Upper Scorpius & Ophiuchus

Our observations of one of the closest star-forming regions revealed the largest population of free floating planets discovered to date. These planets do not orbit stars but freely roam the Galaxy, and this sample constitutes a benchmark to investigate how stars and planets form.

The nature and origin of free-floating planets (FFPs) remains unconstrained: do they form like stars through the gravitational collapse of small clouds of gas? Or do they form like planets around stars and are then dynamically ejected or stripped off? While it is known that both mechanisms can produce FFPs, their respective contributions are still an open question due to the lack of a large homogeneous sample.

Identifying free-floating planets within a star cluster is a major challenge in many ways similar to the “needle in the haystack” parable. First, one needs eyes sensitive enough to detect the “needles”. While stars are relatively bright and easy to spot, the planetary mass members are several thousand times fainter and can only be detected with large aperture telescopes and sensitive detectors. Second, one must identify the rare planetary mass members (the “needles”, typically a few hundreds) within the overwhelming multitude of field stars and background galaxies (the “haystack”, millions of interlopers).

To solve this challenge, we combined the treasure chest of images available in the public astronomical archives with new deep wide-field observations obtained with the best infrared and optical telescopes in the world to measure the tiny motions, colours and luminosities of tens of millions of sources in a large area of the sky hosting the Upper Scorpius OB young stellar association. Combining proper motions (i.e., motions across the plane of the sky) and multi-wavelength photometry is indeed the most efficient and robust way to identify all the members of an association over very large areas. Each member of an association was born from the same molecular cloud complex with its own original momentum. At the end of the formation process, the group members move together with space motions similar to the parent cloud complex, making an extremely effective method of identification. Unrelated field stars have indeed almost random proper motions while background galaxies have no measurable proper motion. Any object displaying a proper motion similar to the group is therefore most likely a member. Luminosities and colours can then be used to refine the selection and reject the few remaining interlopers.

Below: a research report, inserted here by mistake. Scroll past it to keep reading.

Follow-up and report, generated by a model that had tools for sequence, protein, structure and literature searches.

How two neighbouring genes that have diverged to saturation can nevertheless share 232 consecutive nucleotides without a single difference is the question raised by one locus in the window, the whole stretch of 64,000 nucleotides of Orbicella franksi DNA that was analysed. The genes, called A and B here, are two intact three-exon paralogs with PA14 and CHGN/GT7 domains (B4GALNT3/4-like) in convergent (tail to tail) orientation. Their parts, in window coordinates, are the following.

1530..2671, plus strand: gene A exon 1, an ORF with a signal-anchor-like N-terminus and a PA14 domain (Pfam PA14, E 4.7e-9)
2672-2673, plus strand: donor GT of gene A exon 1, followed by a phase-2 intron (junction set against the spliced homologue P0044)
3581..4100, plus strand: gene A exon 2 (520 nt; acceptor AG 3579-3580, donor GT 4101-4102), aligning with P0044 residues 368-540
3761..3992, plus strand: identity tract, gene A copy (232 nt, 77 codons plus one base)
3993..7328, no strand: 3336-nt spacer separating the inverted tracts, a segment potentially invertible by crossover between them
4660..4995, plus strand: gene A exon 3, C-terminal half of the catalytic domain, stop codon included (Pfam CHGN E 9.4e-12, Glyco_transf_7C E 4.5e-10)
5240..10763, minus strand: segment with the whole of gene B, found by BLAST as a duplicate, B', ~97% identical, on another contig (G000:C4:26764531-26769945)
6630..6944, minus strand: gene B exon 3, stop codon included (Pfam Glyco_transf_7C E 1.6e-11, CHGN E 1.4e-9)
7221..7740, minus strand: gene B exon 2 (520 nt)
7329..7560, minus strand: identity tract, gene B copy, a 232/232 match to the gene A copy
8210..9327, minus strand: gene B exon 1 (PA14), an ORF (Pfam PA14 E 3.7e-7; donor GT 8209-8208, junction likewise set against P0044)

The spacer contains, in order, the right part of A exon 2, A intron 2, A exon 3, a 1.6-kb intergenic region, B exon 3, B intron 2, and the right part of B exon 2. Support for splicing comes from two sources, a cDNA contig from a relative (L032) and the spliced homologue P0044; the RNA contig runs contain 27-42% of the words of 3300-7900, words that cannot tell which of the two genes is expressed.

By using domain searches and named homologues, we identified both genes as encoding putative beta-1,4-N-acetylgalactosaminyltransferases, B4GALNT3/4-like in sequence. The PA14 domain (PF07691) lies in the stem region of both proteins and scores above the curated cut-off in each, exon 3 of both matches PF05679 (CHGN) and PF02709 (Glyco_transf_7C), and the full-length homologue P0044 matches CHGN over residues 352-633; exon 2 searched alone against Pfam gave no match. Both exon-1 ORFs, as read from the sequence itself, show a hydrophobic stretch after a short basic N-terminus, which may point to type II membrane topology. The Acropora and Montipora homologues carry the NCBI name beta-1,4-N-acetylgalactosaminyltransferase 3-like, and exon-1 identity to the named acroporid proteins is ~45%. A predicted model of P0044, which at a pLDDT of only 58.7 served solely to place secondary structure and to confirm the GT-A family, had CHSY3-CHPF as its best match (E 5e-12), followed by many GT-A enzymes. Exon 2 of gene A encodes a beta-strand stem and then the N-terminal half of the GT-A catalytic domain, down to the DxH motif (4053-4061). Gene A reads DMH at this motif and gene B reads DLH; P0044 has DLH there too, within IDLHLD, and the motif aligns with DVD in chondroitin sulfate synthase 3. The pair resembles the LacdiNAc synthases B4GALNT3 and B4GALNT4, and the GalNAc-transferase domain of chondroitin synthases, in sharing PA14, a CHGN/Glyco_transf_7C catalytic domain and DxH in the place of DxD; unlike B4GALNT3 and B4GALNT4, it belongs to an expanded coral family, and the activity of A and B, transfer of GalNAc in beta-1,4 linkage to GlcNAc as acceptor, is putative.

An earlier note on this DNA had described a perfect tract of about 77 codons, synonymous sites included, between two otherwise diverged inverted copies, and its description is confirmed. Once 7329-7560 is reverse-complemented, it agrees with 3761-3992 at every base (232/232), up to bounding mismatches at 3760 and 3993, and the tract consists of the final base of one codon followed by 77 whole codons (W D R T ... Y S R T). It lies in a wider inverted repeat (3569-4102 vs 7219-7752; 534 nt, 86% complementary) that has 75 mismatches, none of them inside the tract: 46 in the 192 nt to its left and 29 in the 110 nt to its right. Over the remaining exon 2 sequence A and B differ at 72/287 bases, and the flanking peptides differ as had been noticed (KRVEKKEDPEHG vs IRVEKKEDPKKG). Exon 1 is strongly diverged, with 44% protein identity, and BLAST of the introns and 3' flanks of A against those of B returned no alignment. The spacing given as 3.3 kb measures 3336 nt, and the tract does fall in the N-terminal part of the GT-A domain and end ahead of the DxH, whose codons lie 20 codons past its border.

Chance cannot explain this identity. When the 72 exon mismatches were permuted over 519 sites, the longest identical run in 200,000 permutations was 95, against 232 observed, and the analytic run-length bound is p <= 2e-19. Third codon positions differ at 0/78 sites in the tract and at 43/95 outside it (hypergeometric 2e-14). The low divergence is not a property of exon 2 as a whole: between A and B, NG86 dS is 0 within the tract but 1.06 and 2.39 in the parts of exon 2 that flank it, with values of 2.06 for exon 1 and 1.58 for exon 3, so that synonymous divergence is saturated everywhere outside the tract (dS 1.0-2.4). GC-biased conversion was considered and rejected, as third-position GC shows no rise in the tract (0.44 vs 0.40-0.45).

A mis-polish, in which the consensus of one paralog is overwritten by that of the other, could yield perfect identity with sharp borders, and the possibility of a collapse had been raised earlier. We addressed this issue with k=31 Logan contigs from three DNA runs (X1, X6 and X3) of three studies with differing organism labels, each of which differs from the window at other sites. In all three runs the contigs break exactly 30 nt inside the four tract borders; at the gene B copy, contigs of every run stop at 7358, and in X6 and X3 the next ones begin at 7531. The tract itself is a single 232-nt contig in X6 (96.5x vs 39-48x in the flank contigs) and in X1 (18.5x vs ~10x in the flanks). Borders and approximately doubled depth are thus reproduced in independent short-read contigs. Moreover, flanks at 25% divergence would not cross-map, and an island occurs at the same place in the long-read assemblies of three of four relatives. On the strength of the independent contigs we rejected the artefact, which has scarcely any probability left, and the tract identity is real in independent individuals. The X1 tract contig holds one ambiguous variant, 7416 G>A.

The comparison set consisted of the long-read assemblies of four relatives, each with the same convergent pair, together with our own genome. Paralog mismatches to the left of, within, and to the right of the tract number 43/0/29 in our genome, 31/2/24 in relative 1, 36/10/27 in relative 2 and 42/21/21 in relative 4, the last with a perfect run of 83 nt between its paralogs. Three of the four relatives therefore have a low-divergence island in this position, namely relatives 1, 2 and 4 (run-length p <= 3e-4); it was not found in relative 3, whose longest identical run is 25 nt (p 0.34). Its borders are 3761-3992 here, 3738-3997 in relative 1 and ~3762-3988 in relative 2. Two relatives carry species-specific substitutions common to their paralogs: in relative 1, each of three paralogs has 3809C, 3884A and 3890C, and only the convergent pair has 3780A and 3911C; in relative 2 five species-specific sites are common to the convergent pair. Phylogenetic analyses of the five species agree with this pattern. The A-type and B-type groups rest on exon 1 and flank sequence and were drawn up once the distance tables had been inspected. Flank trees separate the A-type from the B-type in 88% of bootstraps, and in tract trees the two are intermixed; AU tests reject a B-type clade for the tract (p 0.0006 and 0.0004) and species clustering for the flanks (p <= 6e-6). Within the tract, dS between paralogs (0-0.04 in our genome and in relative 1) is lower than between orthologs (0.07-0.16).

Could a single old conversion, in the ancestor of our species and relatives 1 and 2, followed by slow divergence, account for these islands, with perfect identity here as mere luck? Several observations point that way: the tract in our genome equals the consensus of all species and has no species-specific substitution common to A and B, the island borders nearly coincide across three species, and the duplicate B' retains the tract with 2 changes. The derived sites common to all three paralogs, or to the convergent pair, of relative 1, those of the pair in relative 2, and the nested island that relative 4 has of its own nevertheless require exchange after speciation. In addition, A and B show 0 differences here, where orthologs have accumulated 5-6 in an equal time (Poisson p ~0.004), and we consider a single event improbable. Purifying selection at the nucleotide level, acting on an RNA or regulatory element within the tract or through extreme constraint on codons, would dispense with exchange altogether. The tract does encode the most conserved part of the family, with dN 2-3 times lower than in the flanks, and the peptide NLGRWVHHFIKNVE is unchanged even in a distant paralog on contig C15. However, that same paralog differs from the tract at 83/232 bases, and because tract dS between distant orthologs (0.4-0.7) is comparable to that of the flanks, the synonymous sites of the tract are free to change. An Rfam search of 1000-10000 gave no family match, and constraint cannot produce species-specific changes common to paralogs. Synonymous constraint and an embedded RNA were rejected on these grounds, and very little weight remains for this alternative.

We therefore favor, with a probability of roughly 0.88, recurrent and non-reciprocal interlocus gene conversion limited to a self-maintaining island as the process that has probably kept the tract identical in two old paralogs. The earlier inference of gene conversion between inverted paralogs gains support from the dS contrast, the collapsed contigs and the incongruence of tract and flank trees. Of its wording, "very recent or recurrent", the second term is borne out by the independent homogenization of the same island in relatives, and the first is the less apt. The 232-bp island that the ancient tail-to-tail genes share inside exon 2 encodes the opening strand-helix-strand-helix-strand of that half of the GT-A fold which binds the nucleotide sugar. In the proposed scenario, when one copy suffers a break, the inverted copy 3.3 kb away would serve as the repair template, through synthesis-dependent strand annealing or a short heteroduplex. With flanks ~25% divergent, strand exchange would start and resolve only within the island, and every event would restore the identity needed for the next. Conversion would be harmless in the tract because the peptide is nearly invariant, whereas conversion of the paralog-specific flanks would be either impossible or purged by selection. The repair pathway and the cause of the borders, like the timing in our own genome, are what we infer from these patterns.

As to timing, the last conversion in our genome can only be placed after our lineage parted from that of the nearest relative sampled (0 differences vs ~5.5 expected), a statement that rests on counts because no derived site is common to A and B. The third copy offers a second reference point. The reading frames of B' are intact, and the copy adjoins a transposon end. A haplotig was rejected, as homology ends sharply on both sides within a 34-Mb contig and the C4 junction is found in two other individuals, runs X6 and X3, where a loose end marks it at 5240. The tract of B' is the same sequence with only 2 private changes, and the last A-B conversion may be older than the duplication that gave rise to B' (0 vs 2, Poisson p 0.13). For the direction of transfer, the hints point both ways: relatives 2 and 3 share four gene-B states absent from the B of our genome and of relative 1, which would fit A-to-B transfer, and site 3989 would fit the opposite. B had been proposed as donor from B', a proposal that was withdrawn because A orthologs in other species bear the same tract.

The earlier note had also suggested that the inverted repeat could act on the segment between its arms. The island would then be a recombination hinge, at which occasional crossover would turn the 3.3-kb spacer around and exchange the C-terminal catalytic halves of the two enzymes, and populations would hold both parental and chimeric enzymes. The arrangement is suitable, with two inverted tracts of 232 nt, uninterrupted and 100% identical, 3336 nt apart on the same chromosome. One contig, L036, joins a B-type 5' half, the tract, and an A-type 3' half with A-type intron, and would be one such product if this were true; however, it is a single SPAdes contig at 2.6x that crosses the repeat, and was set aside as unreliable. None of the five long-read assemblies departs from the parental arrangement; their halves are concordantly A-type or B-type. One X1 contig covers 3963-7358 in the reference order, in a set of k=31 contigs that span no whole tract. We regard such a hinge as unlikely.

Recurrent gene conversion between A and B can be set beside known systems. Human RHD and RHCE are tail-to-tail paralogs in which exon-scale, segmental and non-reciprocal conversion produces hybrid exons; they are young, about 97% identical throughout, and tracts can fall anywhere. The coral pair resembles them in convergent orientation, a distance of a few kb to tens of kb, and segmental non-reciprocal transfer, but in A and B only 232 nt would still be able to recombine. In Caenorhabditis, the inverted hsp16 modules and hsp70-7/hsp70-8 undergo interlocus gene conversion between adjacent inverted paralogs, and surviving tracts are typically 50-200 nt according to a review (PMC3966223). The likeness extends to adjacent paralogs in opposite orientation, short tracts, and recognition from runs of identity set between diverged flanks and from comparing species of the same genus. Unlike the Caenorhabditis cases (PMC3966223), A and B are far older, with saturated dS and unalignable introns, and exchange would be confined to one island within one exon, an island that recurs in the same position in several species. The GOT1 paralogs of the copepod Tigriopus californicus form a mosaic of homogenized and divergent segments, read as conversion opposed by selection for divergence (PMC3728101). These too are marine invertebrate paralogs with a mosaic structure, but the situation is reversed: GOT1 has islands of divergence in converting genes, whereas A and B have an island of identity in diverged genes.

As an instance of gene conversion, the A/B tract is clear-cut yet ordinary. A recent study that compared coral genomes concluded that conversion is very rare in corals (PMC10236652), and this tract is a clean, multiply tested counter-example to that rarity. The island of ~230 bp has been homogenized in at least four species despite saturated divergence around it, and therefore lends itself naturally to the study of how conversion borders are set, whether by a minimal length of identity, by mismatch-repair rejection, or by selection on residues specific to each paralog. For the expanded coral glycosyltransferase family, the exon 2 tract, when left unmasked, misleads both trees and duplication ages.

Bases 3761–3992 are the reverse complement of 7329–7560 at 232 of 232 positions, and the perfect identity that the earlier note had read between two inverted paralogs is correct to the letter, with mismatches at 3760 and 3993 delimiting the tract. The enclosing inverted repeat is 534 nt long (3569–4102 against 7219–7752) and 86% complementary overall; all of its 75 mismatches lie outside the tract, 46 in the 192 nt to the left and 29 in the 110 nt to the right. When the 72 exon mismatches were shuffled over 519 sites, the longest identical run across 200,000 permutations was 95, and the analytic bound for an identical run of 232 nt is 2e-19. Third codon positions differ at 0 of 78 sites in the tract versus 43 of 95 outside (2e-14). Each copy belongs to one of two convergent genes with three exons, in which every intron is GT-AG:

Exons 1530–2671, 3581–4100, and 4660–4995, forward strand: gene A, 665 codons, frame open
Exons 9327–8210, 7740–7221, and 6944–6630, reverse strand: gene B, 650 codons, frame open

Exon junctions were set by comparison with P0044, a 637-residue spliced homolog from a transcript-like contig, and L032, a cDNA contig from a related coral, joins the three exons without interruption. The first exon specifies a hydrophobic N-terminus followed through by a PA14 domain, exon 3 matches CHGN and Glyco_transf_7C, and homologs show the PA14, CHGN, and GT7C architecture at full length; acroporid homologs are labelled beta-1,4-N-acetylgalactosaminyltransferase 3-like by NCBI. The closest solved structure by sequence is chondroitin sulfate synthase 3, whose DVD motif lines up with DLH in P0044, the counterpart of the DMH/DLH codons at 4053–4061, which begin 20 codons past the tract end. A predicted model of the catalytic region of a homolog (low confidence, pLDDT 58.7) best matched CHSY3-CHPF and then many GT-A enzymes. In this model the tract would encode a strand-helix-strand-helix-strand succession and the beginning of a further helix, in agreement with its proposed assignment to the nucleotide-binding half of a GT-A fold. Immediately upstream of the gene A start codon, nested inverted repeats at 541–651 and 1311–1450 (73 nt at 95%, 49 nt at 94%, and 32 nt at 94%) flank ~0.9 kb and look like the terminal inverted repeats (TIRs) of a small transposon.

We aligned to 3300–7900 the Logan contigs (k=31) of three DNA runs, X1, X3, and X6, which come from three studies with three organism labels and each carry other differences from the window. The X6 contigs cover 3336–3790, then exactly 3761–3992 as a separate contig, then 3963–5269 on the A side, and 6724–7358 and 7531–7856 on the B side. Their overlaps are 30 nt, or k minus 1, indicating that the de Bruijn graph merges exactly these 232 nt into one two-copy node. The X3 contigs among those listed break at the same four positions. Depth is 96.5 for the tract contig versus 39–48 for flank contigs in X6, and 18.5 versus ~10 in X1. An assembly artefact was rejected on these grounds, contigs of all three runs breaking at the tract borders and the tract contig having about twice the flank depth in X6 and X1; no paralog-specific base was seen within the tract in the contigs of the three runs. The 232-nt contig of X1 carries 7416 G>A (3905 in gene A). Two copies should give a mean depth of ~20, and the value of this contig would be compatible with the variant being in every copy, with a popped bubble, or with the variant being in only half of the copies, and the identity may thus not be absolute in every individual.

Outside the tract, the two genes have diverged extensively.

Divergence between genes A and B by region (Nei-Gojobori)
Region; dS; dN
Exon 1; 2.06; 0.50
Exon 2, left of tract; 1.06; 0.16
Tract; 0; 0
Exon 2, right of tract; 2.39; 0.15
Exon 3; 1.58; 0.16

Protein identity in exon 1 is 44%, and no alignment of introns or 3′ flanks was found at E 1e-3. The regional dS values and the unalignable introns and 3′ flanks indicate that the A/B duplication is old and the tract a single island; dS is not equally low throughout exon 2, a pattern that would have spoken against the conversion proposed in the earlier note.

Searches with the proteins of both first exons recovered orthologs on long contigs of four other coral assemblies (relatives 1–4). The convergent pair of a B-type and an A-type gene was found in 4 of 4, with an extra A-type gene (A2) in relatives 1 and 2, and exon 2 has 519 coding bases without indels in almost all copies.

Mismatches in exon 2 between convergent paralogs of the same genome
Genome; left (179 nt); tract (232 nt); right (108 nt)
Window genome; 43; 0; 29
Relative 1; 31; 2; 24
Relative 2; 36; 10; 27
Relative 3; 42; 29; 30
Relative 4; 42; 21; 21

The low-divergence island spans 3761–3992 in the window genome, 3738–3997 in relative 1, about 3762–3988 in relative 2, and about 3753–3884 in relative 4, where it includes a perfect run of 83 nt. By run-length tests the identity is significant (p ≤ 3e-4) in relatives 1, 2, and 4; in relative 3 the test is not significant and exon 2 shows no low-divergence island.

Using over 80000 wide field images adding up to ~100TB and spanning 20 years, we have identified up to 170 FFPs members of the Upper Scorpius association among the vast amount of background stars and galaxies. This is by far the largest sample of FFPs observed directly in a single association, and almost doubles the number of FFPs imaged to date over the entire sky. This number clearly exceeds the number of FFPs expected if FFPs form like stars from the collapse of a small molecular cloud, indicating that other mechanisms must be at play. From the current knowledge of exoplanetary systems (frequency, configuration, dynamics), we estimate that dynamical ejection from planetary systems is an important mechanism of FFP formation.

Luminosity Function in the J-band of all the sources identified in our survey. The stella, brown dwarf and planetary mass regimes are indicated.

The discovery of this large population of young FFPs also bears important implications on the formation and early evolution of planetary systems and, specifically, on the timescale of the processes involved. Our observations suggest that giant planet systems must form and become dynamically unstable within the observed lifetime of the region of 3-10 Myr to contribute to the population of FFPs. Current studies suggest that the instability among the giant planets in our Solar System may also have occurred at early times, although it was much less violent than the instability needed to eject planets as massive as the ones we have found.

The FFPs that we identified are also excellent targets for follow-up studies. For instance, to study planetary atmospheres in the absence of a blinding host star which would be interesting to compare with atmospheres of planets orbiting stars. Additionally, studying the binary and disc properties of these objects will shed more light on their formation process.

Assuming the fraction of FFPs that we measured in Upper Scorpius is similar to that of other star forming regions, there could be several billions of Jupiters roaming the Milky Way without a host star! This number would be even greater for Earth-mass planets since they are known to be more common than massive planets.

The animation above was produced by Teun van der Zalm of Salmonick Production and can also be watched in 4K on Youtube.

Read Sean Raymond poem on free-floating planets!

Listen to the "Upper Scorpius" ballad by Xavier Miret!

Read our article